Parked directly north of the Church of the Sacred Heart in Downtown Atlanta stands this historic building. It’s 355 Peachtree Center and seedy Atlanta history oozes from this eight-story red brick structure. Today under renovation for another round of subsidized residential living, it was once known as the Imperial Hotel.
Started in 1910 and opened in 1911, the Imperial Hotel was one of the first major commercial projects in this area of Downtown Atlanta designed to address the rapid business and population growth the city witnessed at the beginning of the 20th century. Many other hotels were constructed during this period of time. The Atlanta Constitution on April 20th, 1913 declared that “2,000 rooms in 20 months” had been built. Atlanta builders were quite busy.
The Imperial Hotel was designed by architect Edward E. Dougherty who would draft many commercial and residential buildings in Atlanta and Nashville. The design follows the Chicago style or Chicago school, the major indicator being the repeated use of bay windows. The crown of this old skyscraper showcases herringbone brick patterns and terracotta inlays. It reportedly cost $300,000 to build in 1910.
The lobby of the hotel offered a Tudor-style fireplace along with impressive concrete ceiling beams and marble wainscoting. When it opened in 1911 the location was considered the outskirts of the city and the Imperial catered to business travelers and tourists. Despite this location on the outskirts it was easily accessible by streetcars, making it a popular hotel.
In 1953 the front entrance was remodeled along with the basement, providing more space to entertain guests of the hotel. The Imperial Hotel’s basement hosted various lounges, clubs and restaurants with names like Joe Dale’s Cellar Restaurant, the Domino Lounge, Copa Lounge, Copa Caprice and even a Whiskey a Go Go franchise called Whisk a Go Go (read more about Whiskey a Go Go here).
It’s peculiar this structure sits next door to the Church of the Sacred Heart and across the street from the First Methodist Church of Atlanta. While some early acts in the 1950′s included well known musical artists such Fats Domino and Little Richard, by the 1960′s the acts tended to be risqué.
The entertainment lined up downstairs at the Domino by managers such as “Chick” Hedrick in 1960′s and through the 1970′s showcased pianists, orchestras and bands. But the main attractions were the exotic dancers with names such as TNT Red. The shows featured topless ballet interpretations and other potentially horrible yet intriguing artistic concepts. By the 1970′s these sexy performances were interrupted by bad comedians or B-level singers like Frank Sinatra Jr. Just imagine the thoughts of church and clergy members next door and across the street.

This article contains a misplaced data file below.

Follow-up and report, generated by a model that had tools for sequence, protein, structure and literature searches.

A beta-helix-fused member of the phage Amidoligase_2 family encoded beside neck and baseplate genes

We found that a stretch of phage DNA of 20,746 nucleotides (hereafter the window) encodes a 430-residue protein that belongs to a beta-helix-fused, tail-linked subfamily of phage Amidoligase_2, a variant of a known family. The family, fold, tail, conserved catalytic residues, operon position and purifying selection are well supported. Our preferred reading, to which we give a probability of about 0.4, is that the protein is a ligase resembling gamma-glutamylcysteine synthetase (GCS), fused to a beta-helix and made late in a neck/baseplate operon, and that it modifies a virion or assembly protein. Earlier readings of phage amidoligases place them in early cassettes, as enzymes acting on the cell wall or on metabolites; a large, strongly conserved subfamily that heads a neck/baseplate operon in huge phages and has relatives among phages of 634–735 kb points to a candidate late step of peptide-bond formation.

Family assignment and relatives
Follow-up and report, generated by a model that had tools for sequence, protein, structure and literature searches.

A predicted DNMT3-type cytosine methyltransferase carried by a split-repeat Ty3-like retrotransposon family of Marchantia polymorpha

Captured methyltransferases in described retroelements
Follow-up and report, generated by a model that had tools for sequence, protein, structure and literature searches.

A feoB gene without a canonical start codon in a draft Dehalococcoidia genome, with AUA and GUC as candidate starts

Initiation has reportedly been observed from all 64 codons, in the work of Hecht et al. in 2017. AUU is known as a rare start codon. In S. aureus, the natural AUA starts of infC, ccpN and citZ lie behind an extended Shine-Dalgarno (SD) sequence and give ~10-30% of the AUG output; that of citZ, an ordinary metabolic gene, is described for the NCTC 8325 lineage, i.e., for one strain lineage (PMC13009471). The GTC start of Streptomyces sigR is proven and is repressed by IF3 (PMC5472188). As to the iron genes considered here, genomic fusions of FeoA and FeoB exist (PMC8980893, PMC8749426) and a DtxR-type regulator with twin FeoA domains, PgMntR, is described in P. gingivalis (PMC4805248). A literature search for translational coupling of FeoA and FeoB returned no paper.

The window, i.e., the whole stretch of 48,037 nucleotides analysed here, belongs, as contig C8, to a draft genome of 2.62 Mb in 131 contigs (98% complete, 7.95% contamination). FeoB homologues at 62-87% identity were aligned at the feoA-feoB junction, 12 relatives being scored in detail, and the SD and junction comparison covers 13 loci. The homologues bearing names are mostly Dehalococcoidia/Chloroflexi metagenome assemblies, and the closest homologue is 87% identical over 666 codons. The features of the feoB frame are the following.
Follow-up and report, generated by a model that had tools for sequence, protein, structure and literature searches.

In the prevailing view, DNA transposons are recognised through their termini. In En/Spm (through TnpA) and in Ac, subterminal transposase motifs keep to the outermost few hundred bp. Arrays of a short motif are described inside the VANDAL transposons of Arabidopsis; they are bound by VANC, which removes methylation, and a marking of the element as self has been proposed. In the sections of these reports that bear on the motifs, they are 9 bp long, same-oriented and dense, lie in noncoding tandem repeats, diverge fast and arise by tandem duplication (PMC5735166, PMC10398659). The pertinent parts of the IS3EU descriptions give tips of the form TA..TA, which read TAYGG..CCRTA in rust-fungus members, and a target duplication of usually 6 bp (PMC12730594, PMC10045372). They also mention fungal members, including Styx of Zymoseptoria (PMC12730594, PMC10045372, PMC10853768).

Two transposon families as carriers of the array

In 1980 a developer named John Portman purchased the Imperial Hotel and quickly abandoned it to neglect. It sat vacant. Through the 1980′s as the aging and empty structure declined, homeless citizens moved in. This time period witnessed the homeless population increase by the thousands in Atlanta. Local charities, nonprofits and churches struggled to keep up. In fact, the rising tensions in the city over their growing numbers would lead to a historic confrontation centered at the Imperial.
In late June of 1990 several Atlanta homeless advocates, including the popular Ed Loring and his wife Murphy Davis, entered the Imperial Hotel and proceeded to occupy the site in protest. Outraged over the treatment of the homeless, the takeover was a planned demonstration against several moves by the city of Atlanta. Members of the group were particularly upset about funds from the Federal Government originally intended for low income housing that was instead used to develop commercial districts.
The protest lasted until July 3rd, 1990, when police escorted 85 homeless individuals along with the activists out of the hotel. Ed Loring, Murphy Davis and four others were fined by the City of Atlanta for their role in the occupation of the Imperial Hotel. In order to exit in peace, a deal was struck with Mayor Maynard Jackson, and the city agreed to create 1,000 single room housing units for the homeless beginning with a building called Welcome House.
After the standoff the building was acquired by Progressive Redevelopment, Inc., a nonprofit that developed and operated the property for subsidized residents until 2007, when water bills and tax issues forced this group to close the building. It looked as if this historic building would just slowly fade into Atlanta history.
But luckily the charm and history of this building was too good to pass up. Recently purchased by groups from Atlanta and Ohio, when this building opens after renovations in 2013 it will feature 90 apartments for both low and middle income individuals.
When History Atlanta visited this structure on the north side of downtown it was still under renovation, the red brick being power-washed and cleaned. It also looks as if the interior has been gutted. It’s great to see a historic building given new life in Downtown Atlanta rather than torn down in favor of new construction. Historic preservation in Atlanta is crucial; once a building is torn down it is gone forever.
Did You Know? The Imperial Hotel, or 355 Peachtree Center, offers two historic elevators installed by the Otis Elevator Company in 1910?
Did You Know? Elisha Otis started this company and developed the safety elevator in 1852, which locked elevators if the hoist cables snap or fail, allowing them to safely go higher and higher.
Did You Know? Otis elevators could be found in the Empire State Building, Eiffel Tower and the old World Trade Center buildings.